Emotive subject matter tackled with grace and serenity, this is Julian Hanshaw’s finest book to date.
Julian Hanshaw’s graphic novel Tim Ginger from Top Shelf Productions was our Broken Frontier ‘Comic of the Week’ a fortnight ago. I spoke then about Hanshaw being one of those rare cases where the use of a seemingly clichéd phrase like “unique creative voice” was most assuredly not hyperbolic or trite.
Hanshaw first came to prominence when he won the Observer/Cape/Comica Short Story Prize in 2008 and since then has been responsible for two very distinctive books from Cape – his debut graphic novel The Art of Pho and his short tales compilation I’m Never Coming Back. He was also one of the contributors to Ravi Thornton’s Broken Frontier Award-nominated graphic memoir HOAX Psychosis Blues.
Tim Ginger follows its titular English protagonist in the autumn years of his life when he has retired to a caravan in the New Mexico desert, filling up his days playing cricket with a similarly-minded group of ex-pats. Ginger is an ex-test pilot who, years ago, had an inexplicable otherworldly encounter on a mission that cost him an eye …and the air force a 45 million dollar plane.
On returning to Earth his life was changed forever, not just by his ethereal experience but also because at the very same time his wife Susan had been killed by a drunk driver. When we join him it’s many years later, he’s written a successful if niche book, and has been persuaded to take it out to the convention circuit by his agent. It’s here that a chain of events begins that will change Tim’s life forever as Anna, an old friend from his pilot days, re-enters his world, and a badgering conspiracy theorist attempts to make life difficult for him…
Julian Hanshaw’s idiosyncratic but meticulously crafted narratives and his stunning visual world-building have, of course, become signature elements of his work. But Tim Ginger is notable also for the level of autobiography that Hanshaw injects into the plot, with Tim’s love for cricket being one of the most obvious examples. The central theme of the book however – indeed its core arc – is an exploration of the conscious decision of couples like Tim and Susan not to have children. Something the artist elaborated on as having a personal resonance when I heard him speaking at the Graphic Brighton conference this past May.
Tim’s friend-cum-romantic interest Anna joins him on that convention tour with her self-published series of slice-of-life comics detailing personal accounts of those for whom the patter of tiny feet will be forever muted. Pages from her work (below right) are interspersed throughout the book giving alternative perspectives on that central discussion that Hanshaw delicately and respectfully overlays on events.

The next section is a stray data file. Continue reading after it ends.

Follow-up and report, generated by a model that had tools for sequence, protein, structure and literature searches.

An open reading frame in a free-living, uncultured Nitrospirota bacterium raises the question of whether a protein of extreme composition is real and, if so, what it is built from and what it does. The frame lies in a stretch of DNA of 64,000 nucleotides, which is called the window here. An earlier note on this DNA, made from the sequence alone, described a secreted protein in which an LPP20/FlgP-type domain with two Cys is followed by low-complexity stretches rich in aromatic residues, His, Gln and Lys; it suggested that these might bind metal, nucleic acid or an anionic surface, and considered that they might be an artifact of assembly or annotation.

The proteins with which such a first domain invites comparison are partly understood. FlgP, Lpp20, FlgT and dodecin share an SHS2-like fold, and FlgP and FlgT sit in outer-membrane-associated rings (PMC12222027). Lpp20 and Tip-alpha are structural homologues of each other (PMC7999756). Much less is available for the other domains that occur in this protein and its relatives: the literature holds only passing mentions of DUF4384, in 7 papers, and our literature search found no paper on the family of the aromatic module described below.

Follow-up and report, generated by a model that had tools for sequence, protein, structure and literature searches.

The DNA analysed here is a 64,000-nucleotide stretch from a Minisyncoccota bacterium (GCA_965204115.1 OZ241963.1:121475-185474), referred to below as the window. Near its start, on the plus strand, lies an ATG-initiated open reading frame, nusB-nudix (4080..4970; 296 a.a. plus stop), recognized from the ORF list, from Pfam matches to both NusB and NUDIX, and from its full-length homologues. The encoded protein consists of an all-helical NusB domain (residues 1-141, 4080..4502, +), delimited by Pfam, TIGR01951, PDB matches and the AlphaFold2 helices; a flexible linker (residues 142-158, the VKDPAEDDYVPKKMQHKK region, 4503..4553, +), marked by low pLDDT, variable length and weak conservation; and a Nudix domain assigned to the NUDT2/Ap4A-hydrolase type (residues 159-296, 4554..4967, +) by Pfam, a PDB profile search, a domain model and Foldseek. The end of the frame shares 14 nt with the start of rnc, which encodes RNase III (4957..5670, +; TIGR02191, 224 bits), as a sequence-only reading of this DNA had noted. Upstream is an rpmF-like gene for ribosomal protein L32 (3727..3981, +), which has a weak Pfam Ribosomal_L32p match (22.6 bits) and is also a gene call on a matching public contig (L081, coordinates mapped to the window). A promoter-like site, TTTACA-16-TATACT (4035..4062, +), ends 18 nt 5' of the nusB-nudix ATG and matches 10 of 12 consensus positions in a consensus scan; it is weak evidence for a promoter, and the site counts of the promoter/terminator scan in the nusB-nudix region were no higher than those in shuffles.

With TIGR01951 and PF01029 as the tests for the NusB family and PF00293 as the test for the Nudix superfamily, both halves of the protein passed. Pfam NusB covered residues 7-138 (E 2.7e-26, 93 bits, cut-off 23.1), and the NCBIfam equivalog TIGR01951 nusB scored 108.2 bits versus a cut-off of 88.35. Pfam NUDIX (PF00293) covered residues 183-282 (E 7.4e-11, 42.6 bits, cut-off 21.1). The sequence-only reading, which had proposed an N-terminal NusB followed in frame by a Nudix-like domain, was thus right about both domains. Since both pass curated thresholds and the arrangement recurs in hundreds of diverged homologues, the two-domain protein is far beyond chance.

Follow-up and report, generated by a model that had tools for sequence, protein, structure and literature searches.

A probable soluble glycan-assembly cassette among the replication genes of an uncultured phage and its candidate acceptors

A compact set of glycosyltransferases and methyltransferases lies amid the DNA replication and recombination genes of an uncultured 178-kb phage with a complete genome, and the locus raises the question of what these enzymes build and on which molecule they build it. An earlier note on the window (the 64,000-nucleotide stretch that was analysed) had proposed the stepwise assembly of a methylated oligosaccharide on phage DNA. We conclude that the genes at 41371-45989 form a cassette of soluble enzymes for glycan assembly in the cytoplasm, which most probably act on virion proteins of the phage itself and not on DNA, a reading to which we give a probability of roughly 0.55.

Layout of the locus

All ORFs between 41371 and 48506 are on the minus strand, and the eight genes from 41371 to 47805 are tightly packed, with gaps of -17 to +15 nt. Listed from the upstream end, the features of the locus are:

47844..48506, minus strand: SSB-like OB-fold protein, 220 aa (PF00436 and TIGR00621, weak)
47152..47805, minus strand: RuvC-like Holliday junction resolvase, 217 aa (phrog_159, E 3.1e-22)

The main storytelling thrust of the book – and perhaps the hook that will draw many readers in initially – may appear to be that account of an ageing serviceman with a mysterious secret in his past, but Hanshaw is actually investigating far simpler, more human themes in Tim Ginger. And yet there’s a profundity and a poignancy to them that, in their own way, overshadows the more fantastical elements of the graphic novel.
Not just accepting our life decisions but also – to use a rather hideous piece of modern parlance – taking a degree of ownership of them is a constant within these 150 or so pages. So much of Tim Ginger revolves around not just the consequences of a child-free lifestyle, but also its effect on how those that choose it are perceived by others and, perhaps more crucially, on how it impacts their own sense of identity and self-perception.
One of my favourite facile criticisms of comics is from those who will dismiss them as an inherently childish form and then in the same breath – and with a staggering lack of self-awareness – say “and I don’t understand how to read them anyway…” Those who embrace that nonsensical reasoning as an argument will find Tim Ginger a terrifying prospect indeed. That’s because, while the sophistication of Hanshaw’s storytelling technique may be cloaked deceptively in the seemingly ponderous and leisurely narrative pace of the book, there’s a command of the medium that is breathtakingly assured throughout, grasping the opportunity to exploit every element of comics’ unique properties as possible.
The intercut topical asides, Tim’s past represented as an argumentative doppelganger (above), panel-less sequences where the passage of time flows within a single image, personal history constantly juxtaposed against the present adding emotional significance to both with a kind of symbiotic melancholy (below), evocative visual metaphor … I could go on. It’s the language of comics spoken with an articulate confidence. Hanshaw’s characters always have an eccentric physicality that is nonetheless highly expressive in terms of visual characterisation, and there’s an oblique beauty to his art that is heightened by that carefully muted colouring, accentuating the subdued mood of the piece.
Tim Ginger rewards not just a second reading but a third and a fourth – each revisit adding extra layers to its thematic core, and revealing subtle nuances to the interrelated plot threads that lead in to that final, awe-inspiring revelation. Emotive subject matter tackled with grace and serenity, this is Julian Hanshaw’s finest book to date.
Julian Hanshaw (W/A) • Top Shelf Productions, $19.99, July 2015